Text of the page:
Airlift Movie Review



Hindi cinema history tells us that mainstream storytellers in Bollywood face many a pitfall when they work with real-life stories.

They frequently succumb to the temptation to inject exaggerated drama into the narrative. In the bargain, they end up tumbling with a thud between two stools.

Neither is it easy for their ilk to handle a tale of heroism aimed at highlighting what “we Indians” can achieve when we all deign to pull in the same direction.

Mumbai filmmakers have all too often turned such accounts into flabby, flag-waving exercises meant only for those who buy into such counterfeit cinematic constructs.

Raja Krishna Menon, writer and director of Airlift, suffers no such mishaps.

His recreation of the harrowing events leading up to one of the most glorious chapters in Indian civil aviation history is marked by moderation and a keen sense of balance.

Menon steers clear of the traps in his way while delivering a sharply written, gripping thriller that rarely, if ever, flags.

This saga of a rescue mission that made it to the Guinness Book of World Records warms the cockles of one’s heart but isn’t jingoistic in the least.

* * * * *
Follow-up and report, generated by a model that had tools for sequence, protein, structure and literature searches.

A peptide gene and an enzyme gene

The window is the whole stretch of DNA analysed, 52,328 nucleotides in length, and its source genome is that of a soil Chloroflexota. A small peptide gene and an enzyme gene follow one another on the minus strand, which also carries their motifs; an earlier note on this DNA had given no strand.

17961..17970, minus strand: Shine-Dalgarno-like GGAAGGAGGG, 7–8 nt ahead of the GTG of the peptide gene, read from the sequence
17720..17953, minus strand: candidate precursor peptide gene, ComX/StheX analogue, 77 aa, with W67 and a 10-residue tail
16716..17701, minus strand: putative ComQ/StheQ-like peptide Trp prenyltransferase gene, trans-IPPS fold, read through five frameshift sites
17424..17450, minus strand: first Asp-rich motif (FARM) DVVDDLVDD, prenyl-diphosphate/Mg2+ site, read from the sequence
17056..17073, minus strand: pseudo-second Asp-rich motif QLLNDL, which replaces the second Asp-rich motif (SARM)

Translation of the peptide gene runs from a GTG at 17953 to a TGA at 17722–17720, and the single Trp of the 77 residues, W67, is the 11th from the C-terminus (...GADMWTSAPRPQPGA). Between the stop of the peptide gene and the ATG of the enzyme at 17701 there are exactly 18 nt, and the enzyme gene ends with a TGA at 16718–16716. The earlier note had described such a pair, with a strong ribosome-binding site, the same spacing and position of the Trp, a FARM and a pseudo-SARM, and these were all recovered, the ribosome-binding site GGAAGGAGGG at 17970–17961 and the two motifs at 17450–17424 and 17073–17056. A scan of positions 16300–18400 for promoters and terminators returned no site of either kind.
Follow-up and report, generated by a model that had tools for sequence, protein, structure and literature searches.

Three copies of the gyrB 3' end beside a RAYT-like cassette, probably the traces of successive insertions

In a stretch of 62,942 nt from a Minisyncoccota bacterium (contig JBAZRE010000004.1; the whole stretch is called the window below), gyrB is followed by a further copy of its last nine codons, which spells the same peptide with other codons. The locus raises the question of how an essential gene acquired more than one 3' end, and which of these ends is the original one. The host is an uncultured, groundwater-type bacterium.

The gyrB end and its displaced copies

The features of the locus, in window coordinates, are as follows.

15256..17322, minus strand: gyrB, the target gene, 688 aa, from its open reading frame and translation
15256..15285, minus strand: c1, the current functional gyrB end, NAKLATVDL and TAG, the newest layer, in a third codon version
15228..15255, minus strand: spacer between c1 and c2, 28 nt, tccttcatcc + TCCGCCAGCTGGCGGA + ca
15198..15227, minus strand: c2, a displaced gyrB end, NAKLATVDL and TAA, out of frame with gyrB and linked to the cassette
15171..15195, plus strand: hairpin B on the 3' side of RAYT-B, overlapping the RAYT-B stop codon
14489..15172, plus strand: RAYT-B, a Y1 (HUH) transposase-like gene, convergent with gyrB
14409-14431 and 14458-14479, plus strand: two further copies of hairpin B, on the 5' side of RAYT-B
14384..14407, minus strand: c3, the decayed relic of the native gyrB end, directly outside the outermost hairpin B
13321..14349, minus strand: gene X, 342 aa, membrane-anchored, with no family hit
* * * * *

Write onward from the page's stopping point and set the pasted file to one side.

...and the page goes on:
That is a rare quality indeed in a pre-Republic Day release purportedly designed to douse us all with patriotism.

To begin with, Airlift focuses on the shocking repercussions of military adventurism on ordinary people.

At the receiving end here are the residents of Kuwait, a nation that was invaded by Saddam Hussein’s Iraqi Republican Guard in August 1990.

The attack renders 1,70,000 Indians penniless and homeless as a rampaging army goes about killing defenceless Kuwaitis with impunity.

In the face of grave danger to himself and his immediate family of three, a wealthy and politically connected Indian businessman Ranjit Katyal (Akshay Kumar) does not take the easy way out despite the initial urge to flee to London.

He is no spotless India lover, which is made amply clear right upfront by the profit-driven entrepreneur’s disparaging remarks about the country of his birth.

Yet, against the counsel of his wife Amrita (Nimrat Kaur), Katyal decides to stay put in order to help the other Indians that are in duress and are far more vulnerable than him.


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